If you’ve been watching any of our coverage over the past year and a half or so, you’ll know we’ve been anxiously awaiting the release of World of Horror – a nostalgic 1-bit gaming experience in the vein of Lovecraft and Junji Ito-style horror. The first video game from one-man developer panstasz, the demo has been one of our favourites to check out at the Ysbryd booth at PAX shows. So how does the early access version stack up?
The first thing you’ll notice starting up the game is a catchy theme-song. The second is a fantastic set of options – surprising for the game’s stripped down aesthetic. World of Horror gives numerous colour options, as well as a choice between 1-bit and 2-bit graphics. I loved being able to choose what would make it easier for me to focus on and read (black and white can be rough on my eyes at times).
World of Horror drops the player into a rural town in Japan, in the 1980s. Something odd is going on – sometimes it shows in small, subtle ways. Sometimes it shows in more sinister details – robed figures in the woods, missing students, creatures… Ancient Eldritch gods are awakening, and the end of the world is at hand. Armed with makeshift weapons, spells, and a shocking amount of bravery, you’ll have the chance to fight back against evil as reality slowly crumbles around you.
Players new to the game are recommended to start out with a specific mystery that leads them through investigating mysterious happenings at a school. After that, there’s a full game – you’ll have five mysteries to solve in any order you wish. Between them, you can visit your apartment to rest, go through storage, shower… the usual. As you solve these mysteries, you’ll be racing the clock against the ever-rising chance of doom, and your ever-diminishing sanity.
You’ll have a lot of stats to manage, and occasionally combat can feel a little intense if you haven’t lucked across a weapon yet. As a result, it can feel a little overwhelming at the very start, but eventually becomes pretty straightforward. Your encounters are turn-based, and you’ll be able to choose options such as attack, improvise a weapon, prepare, defend, kick… At times I found myself wishing the combat was a little more varied, but as fights aren’t the main focus of the game, it didn’t outweigh all the positives.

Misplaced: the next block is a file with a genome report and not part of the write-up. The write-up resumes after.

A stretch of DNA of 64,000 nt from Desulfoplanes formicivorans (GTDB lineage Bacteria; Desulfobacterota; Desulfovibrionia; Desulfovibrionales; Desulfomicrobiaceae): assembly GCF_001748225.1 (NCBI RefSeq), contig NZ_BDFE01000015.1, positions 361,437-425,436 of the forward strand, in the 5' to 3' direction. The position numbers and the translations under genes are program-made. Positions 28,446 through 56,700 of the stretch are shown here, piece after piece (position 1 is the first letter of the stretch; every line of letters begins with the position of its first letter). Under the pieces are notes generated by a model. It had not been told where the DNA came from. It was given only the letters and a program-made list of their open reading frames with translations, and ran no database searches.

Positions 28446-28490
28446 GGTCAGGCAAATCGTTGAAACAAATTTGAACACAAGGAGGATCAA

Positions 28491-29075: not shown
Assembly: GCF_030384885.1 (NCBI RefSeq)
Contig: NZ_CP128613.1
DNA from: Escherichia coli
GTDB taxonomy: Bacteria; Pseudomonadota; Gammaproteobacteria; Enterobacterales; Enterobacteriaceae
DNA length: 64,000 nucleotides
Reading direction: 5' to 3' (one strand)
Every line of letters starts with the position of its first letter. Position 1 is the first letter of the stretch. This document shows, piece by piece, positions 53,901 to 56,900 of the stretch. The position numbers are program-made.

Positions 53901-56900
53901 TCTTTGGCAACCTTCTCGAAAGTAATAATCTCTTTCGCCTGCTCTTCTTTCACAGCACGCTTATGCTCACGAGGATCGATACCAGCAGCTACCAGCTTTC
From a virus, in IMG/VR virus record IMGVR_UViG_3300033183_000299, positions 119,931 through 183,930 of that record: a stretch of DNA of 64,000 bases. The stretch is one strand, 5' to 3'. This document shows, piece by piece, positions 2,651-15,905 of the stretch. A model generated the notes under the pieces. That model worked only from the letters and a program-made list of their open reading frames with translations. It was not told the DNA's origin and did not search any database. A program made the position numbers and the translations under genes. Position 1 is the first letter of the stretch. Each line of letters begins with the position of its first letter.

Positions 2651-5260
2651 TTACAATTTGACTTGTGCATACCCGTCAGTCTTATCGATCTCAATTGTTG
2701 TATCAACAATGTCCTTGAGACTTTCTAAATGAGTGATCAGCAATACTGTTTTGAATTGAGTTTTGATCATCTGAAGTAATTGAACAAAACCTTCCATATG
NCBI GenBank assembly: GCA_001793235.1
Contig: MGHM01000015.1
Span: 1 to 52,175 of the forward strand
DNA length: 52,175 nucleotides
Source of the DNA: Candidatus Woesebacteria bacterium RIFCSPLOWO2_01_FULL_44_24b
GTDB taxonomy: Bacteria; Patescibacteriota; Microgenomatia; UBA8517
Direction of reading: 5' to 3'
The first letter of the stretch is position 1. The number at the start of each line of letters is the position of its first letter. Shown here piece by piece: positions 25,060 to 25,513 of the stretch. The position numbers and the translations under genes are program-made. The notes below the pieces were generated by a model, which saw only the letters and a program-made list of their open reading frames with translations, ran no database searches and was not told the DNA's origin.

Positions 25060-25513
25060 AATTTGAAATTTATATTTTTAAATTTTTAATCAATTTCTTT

World of Horror is filled with not only an array of fascinating (and disturbing) mysteries, but also plenty of randomized events throughout each scenario. By giving five at a time, each playthrough can be fairly bite-sized – I easily did two or three in one afternoon (though I admit to dying terribly twice), and rarely saw the same event twice. Sometimes I got good weapons at the very start, while others I found myself relying on sticks and broken bottles. It’s a great game to pick up for a single playthrough, and I can’t see myself burning out anytime soon with so much randomized material.
The mysteries are pretty varied. So far I’ve visited a rural fear festival, searched a dark forest for missing students, and dug into the strangely feverish popularity behind a new ramen shop. Each story feels different from the last, and you never know where it will take you.
The writing is pretty on-point, particularly for lovers of Junji Ito. You’ll definitely see some Lovecraft at play too (and of course Ito was inspired by Lovecraft as well), but the abrupt, disturbing events, unexplained monsters, and deeply unresolved endings feel just like stepping into the game version of an Ito manga – a detail I really enjoyed. You never know what’s around any corner, and even while doing everything that you think is right, you can still find yourself brushing up with disaster and death for no reason other than a bad turn of luck. The aesthetics and music are a fantastic cherry on top here, helping the game to feel like it’s stepping out of the late 80s or early 90s – a great atmosphere for the disjointed style of horror.
The early access build runs fantastically and has plenty of content to it. I do want to note that I ran into a couple bugs, if only to highlight how fantastic the developer is. When I ran across anything, it was easy to get in touch with panstasz and let him know. He was responsive and clearly putting plenty of care and attention into making a polished finished product.
If you’re interested in World of Horror and wanting to jump right in, you can grab the early access for $14.99. You can also still check out the demo on itch.io if you want to give it a test run. Overall I think it’s plenty of fun to pick up now and can’t wait to see what develops as the game fleshes out further.
Order Up! is a weekly column featuring indie-focused reviews, news, or interviews! We like old games just as much as new ones and are always looking for something to check out. Have a game recommendation, a project, or a company you want to talk about? Email me at [email protected] or find me on Twitter @ArcanaChance